Is There A Difference Between Chinese and European Woods?
This is a common question. Truth be told, there are three main regional contenders in the luthier industry: Europe, America, and China.
What you will find is that European and American wood will be the highest cost, but not always the best quality. The real determining factor in the quality of the lumber alone is the growing conditions of the tree, and its rate of growth as a result. The best lumber for tone woods are fully matured trees that had a steady and slow rate of growth. Such specimens are usually found at high altitude forests.
High altitudes limit yearly growth in addition to toughening up the tree to survive the cold climate. In addition, a more consistent climate with less temperature fluctuations allow for a steady growth rate, and as a result, more consistent wood grains.
The European Alps are a fine example of such geography. It’s important to note that China has forests in identical condition and is the main reason why Chinese sourced lumber can match or exceed the quality of Euro and American counterparts. The only discrepancy compared to European forests is the particular species of spruce, picea abies that was sourced by the greats including Stradivari are not native to China.
Tightness of Grains
Spruce wood has a distinctive vertical grain structure; the closer and finer the lines, the older and slower growing the tree. As a result, you get a more elastic wood cell structure which makes a more resonant soundboard or top plate of the violin.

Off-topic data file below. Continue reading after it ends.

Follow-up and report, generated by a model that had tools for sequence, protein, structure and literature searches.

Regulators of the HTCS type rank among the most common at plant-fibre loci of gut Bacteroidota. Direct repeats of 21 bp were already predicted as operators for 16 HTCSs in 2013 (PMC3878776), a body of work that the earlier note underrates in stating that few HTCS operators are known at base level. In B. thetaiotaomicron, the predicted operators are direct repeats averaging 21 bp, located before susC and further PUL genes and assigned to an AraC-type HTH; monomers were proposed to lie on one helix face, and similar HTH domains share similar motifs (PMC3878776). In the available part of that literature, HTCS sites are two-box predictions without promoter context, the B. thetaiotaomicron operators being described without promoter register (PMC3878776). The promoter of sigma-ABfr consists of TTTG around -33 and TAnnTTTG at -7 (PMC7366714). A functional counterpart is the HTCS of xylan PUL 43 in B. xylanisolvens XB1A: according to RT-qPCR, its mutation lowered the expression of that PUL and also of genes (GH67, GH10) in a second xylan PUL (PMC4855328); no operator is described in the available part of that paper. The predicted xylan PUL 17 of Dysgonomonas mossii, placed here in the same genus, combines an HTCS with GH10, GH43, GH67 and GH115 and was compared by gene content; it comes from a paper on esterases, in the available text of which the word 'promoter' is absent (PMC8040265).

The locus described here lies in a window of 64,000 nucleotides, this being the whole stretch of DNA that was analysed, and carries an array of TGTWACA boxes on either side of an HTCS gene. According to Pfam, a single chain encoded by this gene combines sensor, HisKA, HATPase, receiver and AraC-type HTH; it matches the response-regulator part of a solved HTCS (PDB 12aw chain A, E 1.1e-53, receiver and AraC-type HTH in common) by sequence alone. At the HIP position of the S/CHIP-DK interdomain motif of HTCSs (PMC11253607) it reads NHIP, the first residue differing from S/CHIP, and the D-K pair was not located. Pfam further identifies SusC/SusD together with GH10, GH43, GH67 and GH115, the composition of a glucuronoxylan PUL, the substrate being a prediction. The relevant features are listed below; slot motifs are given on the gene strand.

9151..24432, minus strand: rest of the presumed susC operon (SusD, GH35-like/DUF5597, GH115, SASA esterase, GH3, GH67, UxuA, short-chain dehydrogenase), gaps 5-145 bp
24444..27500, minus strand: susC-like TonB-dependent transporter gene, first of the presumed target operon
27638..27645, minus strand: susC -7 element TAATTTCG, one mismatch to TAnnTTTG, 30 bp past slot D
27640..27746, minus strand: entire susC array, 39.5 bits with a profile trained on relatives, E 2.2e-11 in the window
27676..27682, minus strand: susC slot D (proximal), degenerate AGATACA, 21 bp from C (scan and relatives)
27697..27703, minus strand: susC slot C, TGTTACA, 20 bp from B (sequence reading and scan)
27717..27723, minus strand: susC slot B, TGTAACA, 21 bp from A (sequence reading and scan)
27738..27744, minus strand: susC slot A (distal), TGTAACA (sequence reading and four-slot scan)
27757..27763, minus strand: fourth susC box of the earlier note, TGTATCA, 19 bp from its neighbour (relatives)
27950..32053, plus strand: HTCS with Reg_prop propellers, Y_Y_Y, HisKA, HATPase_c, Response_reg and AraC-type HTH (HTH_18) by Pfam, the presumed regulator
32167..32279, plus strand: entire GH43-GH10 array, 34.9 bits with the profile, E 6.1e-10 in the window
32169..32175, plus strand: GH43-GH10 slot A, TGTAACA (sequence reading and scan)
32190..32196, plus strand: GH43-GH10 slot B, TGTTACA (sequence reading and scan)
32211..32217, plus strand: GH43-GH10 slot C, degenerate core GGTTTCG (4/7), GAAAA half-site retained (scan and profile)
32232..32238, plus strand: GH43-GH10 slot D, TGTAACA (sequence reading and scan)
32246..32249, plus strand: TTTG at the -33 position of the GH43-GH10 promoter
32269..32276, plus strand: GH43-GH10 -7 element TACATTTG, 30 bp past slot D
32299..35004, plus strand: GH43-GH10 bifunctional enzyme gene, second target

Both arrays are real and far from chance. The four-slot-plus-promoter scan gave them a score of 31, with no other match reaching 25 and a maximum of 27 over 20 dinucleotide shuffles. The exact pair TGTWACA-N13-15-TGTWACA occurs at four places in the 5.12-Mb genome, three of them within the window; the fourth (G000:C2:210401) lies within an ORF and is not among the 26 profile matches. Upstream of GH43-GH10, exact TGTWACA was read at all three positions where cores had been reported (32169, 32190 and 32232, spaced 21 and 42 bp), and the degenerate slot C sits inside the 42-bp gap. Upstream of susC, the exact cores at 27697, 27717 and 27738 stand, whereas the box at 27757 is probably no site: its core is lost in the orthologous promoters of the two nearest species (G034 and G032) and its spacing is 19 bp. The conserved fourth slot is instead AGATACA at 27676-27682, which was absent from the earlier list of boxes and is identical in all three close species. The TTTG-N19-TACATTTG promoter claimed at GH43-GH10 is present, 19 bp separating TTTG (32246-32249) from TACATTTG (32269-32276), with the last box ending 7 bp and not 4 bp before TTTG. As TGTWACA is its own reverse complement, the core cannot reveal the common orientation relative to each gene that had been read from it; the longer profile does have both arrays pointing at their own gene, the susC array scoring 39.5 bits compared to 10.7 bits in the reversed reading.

Consistent Grain Spacing
Faster growing and younger trees tend to have a mix of tight and wider grains. The most sought after is the whole top to feature the same fine level of grain spacing. Such wood typically comes from trees over 200 years old! Because of limited resources going against demand, the more common and best alternative is the finest grain spacing located at the center of the violin where the most significant string vibrations travel from the bridge into the violin body. Some of the finest tonewoods with consistent spacing and a natural aging of 20+ years cost the luthier over $1K!
Factors that contribute to a fine quality violin are...
- Age of the tree when harvested
- Growth pattern
- Aging time and aging method/conditions
- Quality of workmanship
- Final adjustments
In the end, the violin quality is really the sum of its parts in addition to how it was made. The final adjustments of an instrument are an essential step and play a vital role in the overall performance and sound of the instrument. A improper or total lack of an adjustment is liken to a Ferrari with flat tires; it can certainly move, but not to its full potential.